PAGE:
Food, Community & Government

Food Storytelling

Michael W. Twitty

Lesson time 11:50 min

Michael divulges his step-by-step process on food writing, going beyond the palate and into the deep meaning and history behind a dish or ingredient.

Students give MasterClass an average rating of 4.7 out of 5 stars

Topics include: Start at Your Table • Connect the Narratives • Storytelling With Ingredients


[MUSIC PLAYING] SUBJECT: You may ask well what is food writing? How do we define that? Food writing for me is basically non-fiction narratives and memoirs. It's cookbooks. It's culinary history which is a major part of my career food writing can be writing about social issues in food-- so for example, cultural appropriation or access to food, food justice, culinary justice. It can also be talking about food and gender, which is a subject that is sorely needed to be discussed further. Food writing is anything you really want it to be as long as food is somewhere in the nexus of what you're talking about. Food writing is this-- one of many ways to talk about the world. Food democratizes. So it makes it possible for you, if you want to be a food writer, to really talk about it. But you have to talk about it in a responsible way. You have to be accurate. You have to be clear. You have to look at food and talk about it as if the person was right there. But you know they're not. So your words have to do the work of sitting at the kitchen table with them the way you are with me right now. So that's what food writing is. Food writing is engaging with people through words about food in a way that moves them to think about this thing that is in their life every day, several times a day and constantly around them that forces them to think about who they are on every single level. OK. So how do you go about some kind of massive project like this? So some of you may just sit here and go, I don't even know my great grandparents' names. Or I know roughly where they came from. Let's say someone was Croatian, but never had been to Croatia. They knew a little bit about the food or whatever. And they knew, maybe, someone who came over on the boat. But nothing about the family in Croatia. So it's incumbent upon you to learn everything you can about Croatia and where Croatian Americans went and what kind of jobs they had and where they lived and the foods that survived. People don't let go of certain things. Food is a huge and important element. [MUSIC PLAYING] So you start with whatever was at your table. For some people, their ethnic heritage consists of five to 10 dishes. And that's about it. Usually, these are very comforting dishes, very rich dishes, dishes you would have on special occasions-- not necessarily the everyday food. Then sometimes the everyday food, which is really the soul food of a people, survives. So you start there. You start researching those dishes. And you ask the question, why did my family-- why did my group make those things? Here's an assignment for you. Sketch your life out in meals. It doesn't have to be every single year. That would be nice if you could do that. For some of you, that may be a bit of a test, not just in terms of memory, but in terms of giving away all your tea. So what I want you to do is say, for example, you know, this year was such and such I remember. And...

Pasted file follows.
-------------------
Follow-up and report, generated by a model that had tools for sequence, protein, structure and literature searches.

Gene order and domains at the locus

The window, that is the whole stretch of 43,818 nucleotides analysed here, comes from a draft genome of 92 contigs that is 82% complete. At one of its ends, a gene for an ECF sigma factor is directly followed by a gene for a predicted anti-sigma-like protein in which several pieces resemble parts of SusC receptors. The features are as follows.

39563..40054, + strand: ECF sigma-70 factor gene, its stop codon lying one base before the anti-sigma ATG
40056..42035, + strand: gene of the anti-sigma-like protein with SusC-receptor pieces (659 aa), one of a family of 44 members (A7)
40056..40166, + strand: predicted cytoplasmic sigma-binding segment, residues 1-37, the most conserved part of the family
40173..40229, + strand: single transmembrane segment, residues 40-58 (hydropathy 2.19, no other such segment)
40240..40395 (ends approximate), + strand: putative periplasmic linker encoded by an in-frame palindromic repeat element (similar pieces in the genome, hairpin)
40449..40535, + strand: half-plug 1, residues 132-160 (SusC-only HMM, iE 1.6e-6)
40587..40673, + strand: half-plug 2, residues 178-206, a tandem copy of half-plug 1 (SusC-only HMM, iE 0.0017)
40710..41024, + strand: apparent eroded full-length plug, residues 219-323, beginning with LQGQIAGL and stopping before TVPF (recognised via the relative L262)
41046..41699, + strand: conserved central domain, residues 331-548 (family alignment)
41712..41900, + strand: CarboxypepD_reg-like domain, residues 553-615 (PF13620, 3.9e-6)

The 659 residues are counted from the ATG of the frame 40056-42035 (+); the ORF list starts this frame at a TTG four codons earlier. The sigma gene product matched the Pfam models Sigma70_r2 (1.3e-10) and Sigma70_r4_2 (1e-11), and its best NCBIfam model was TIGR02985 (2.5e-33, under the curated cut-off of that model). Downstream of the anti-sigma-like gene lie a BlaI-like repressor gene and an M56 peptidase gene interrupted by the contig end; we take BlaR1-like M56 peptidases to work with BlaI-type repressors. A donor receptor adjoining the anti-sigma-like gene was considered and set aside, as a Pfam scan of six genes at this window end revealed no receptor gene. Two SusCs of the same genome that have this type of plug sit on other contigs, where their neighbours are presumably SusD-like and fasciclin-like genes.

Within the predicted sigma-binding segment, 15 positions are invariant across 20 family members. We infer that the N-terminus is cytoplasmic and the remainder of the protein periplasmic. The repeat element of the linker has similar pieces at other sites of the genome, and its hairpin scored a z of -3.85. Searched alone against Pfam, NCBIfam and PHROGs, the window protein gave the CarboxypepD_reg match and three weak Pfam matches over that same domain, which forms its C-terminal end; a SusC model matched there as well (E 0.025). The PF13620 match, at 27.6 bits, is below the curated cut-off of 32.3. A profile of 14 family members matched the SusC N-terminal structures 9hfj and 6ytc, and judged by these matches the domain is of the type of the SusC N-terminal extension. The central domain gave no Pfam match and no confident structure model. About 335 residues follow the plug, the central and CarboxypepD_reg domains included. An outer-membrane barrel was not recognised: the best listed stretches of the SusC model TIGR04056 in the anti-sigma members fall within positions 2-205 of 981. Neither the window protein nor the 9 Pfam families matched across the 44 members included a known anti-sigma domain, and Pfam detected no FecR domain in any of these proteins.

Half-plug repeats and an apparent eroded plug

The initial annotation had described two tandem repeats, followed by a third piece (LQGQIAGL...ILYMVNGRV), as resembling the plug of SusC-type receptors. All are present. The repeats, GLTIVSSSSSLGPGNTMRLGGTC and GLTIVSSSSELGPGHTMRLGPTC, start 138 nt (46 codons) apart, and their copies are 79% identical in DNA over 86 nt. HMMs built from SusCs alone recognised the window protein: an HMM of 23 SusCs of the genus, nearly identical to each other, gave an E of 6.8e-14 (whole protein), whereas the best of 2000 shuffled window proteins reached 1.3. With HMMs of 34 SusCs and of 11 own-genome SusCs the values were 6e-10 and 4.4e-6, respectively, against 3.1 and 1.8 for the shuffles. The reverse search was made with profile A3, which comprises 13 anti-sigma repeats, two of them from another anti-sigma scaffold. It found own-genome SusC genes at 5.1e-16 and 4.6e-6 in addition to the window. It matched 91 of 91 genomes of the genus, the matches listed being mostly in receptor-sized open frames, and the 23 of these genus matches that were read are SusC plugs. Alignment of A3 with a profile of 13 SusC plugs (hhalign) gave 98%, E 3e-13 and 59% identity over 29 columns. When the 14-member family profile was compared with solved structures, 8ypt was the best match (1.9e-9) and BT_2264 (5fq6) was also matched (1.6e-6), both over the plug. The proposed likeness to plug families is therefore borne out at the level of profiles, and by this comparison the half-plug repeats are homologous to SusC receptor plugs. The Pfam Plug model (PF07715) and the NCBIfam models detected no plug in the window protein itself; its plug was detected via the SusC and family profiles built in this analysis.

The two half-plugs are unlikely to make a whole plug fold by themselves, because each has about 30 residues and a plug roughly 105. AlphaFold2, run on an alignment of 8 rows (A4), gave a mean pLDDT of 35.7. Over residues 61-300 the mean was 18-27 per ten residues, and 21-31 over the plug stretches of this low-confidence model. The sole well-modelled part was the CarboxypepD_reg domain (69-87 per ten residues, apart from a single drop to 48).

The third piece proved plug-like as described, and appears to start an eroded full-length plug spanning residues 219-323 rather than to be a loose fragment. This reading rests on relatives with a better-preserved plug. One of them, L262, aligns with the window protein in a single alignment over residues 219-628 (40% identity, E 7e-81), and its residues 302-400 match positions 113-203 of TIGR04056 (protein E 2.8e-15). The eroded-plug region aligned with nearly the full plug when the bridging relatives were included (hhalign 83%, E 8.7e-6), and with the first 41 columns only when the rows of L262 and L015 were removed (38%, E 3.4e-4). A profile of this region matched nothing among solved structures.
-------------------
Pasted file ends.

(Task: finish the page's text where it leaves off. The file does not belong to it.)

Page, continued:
About the Instructor

Through years of unearthing his African American heritage, bestselling author of The Cooking Gene Michael W. Twitty discovered undeniable ties between his ancestors’ past and his own palate. Now he’s teaching how you can get a taste of your family history through food. Explore the migrations that informed the ingredients in your kitchen—then re-create the dishes that helped shape who you are.

Featured Masterclass Instructor

Michael W. Twitty

James Beard Award–winning author of The Cooking Gene teaches how to trace your culinary roots through the food your ancestors ate.

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